Beyond the embarrassingly parallel – New languages, compilers, and runtimes for big-data processing
Large-scale data processing requires large-scale parallelism. Data-processing systems from traditional databases to Hadoop and Spark rely on embarrassingly-parallel relational primitives (e.g. map, reduce, filter, and join) to extract parallelism from input programs. But many important applications, such as machine learning and log processing, iterate over large data sets with true loop-carried dependences across iterations. As such, these applications are not readily parallelizable in current data-processing systems.
In this talk, I will challenge the premise that parallelism requires independent computations. In particular, I will describe a general methodology for extracting parallelism from dependent computations. The basic idea is replace dependences with symbolic unknowns and execute the dependent computations symbolically in parallel. The challenge of parallelization now becomes a, hopefully mechanizable, task of performing the resulting symbolic execution efficiently. This methodology opens up the possibility of designing new languages for data-processing computations, compilers that automatically parallelize such computations, and runtimes that exploit the additional parallelism. I will describe our initial successes with this approach and the research challenges that lie ahead.
Madan Musuvathi is a Principal Researcher at Microsoft Research working in the intersection of programming languages and systems, with specific focus on concurrency and parallelism. His interests span program analysis, systems, model checking, verification, and theorem proving. His research has led to several tools that improve the lives of software developers both at Microsoft and at other companies. He received his Ph.D. from Stanford University in 2004.
50 Years of Parallel programming: Ieri, Oggi, Domani*
Parallel programming started in the mid-60’s with the pioneering work of Karp and Miller, David Kuck, Jack Dennis and others, and as a discipline, it is now 50 years old. What have we learned in the past 50 years about parallel programming? What problems have we solved and what problems remain to be solved? What can young researchers learn from the successes and failures of our discipline? This talk is a personal point of view about these and other questions regarding the state of parallel programming.
* The subtitle of the talk is borrowed from the title of a screenplay by Alberto Moravia, and it is Italian for “Yesterday, Today, Tomorrow.”
Keshav Pingali is a Professor in the Department of Computer Science at the University of Texas at Austin, and he holds the W.A.”Tex” Moncrief Chair of Computing in the Institute for Computational Engineering and Sciences (ICES) at UT Austin. Pingali is a Fellow of the IEEE, ACM and AAAS. He was the co-Editor-in-chief of the ACM Transactions on Programming Languages and Systems, and currently serves on the editorial boards of the ACM Transactions on Parallel Computing, the International Journal of Parallel Programming and Distributed Computing. He has also served on the NSF CISE Advisory Committee (2009-2012).
Knights Landing Intel Xeon Phi CPU: Path to Parallelism with General Purpose Programming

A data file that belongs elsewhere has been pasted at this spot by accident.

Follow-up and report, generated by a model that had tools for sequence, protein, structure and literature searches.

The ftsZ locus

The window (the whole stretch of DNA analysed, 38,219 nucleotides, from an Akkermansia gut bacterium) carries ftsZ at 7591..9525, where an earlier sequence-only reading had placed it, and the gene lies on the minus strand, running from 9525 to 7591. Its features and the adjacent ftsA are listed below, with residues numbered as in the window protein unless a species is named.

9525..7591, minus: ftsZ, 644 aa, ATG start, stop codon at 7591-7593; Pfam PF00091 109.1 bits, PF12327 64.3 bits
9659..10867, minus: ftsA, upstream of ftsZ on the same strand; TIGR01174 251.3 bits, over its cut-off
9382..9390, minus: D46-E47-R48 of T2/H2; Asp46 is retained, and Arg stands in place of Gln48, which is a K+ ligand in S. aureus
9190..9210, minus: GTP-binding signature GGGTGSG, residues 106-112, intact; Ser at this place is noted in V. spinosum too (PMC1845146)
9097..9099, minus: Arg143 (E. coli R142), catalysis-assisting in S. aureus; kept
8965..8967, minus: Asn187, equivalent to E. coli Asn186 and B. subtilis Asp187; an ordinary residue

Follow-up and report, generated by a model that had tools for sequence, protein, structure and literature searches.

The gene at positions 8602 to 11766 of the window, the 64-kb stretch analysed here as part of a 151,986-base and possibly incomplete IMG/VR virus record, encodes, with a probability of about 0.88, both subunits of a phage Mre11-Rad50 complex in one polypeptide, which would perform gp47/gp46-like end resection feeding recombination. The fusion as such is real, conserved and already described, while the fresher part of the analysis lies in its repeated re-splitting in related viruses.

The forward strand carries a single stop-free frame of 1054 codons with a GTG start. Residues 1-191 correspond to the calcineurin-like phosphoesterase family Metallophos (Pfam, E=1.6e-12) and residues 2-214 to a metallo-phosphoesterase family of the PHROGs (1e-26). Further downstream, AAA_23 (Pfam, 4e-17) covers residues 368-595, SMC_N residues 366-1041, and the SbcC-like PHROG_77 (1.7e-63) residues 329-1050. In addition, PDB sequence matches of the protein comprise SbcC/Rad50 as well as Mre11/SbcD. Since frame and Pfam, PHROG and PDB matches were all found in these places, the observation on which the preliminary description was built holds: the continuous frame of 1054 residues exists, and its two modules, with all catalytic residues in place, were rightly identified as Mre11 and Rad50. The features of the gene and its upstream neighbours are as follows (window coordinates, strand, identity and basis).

The demand for high performance will continue to skyrocket in the future, fueled by the drive to solve the challenging problems in scientific world and to provide the horsepower needed to support the compute-hungry use cases that continue to emerge in commercial and consumer space, such as machine learning and deep data analytics. Exploiting parallelism will be crucial in achieving the huge performance gain required to solve these problems. This talk will present the new Xeon Phi Processor, called Knights Landing, which is architected to provide massive amounts of parallelism in a manner that is accessible with general purpose programming. The talk will provide insights into 1) the important architecture features of the processor and 2) the software technology to explore them. It will provide the inside story on the various architecture decisions made on Knights Landing – why we architected the processor the way we did, and on a few programming experience – how the general purpose programming model makes it easy to exploit parallelism on Xeon Phi. It will show measured performance numbers from the Knights Landing silicon on a range of workloads. The talk will conclude with showing the historical trends in architecture and what they mean for software as we extend the trends into the future.
Avinash Sodani is a Senior Principal Engineer at Intel Corporation and the chief architect of the Xeon-Phi Processor called Knights Landing. He specializes in the field of High Performance Computing (HPC). Previously, he was one of the architects of the 1st generation Core processor, called Nehalem, which has served as a foundation for today’s line of Intel Core processors. Avinash is a recognized expert in computer architecture and has been invited to deliver several keynotes and public talks on topics related to HPC and future of computing. Avinash holds over 20 US Patents and is known for seminal work on the concept of “Dynamic Instruction Reuse”. He has a PhD and MS in Computer Science from University of Wisconsin-Madison and a B.Tech (Hon’s) in Computer Science from Indian Institute of Technology, Kharagpur in India.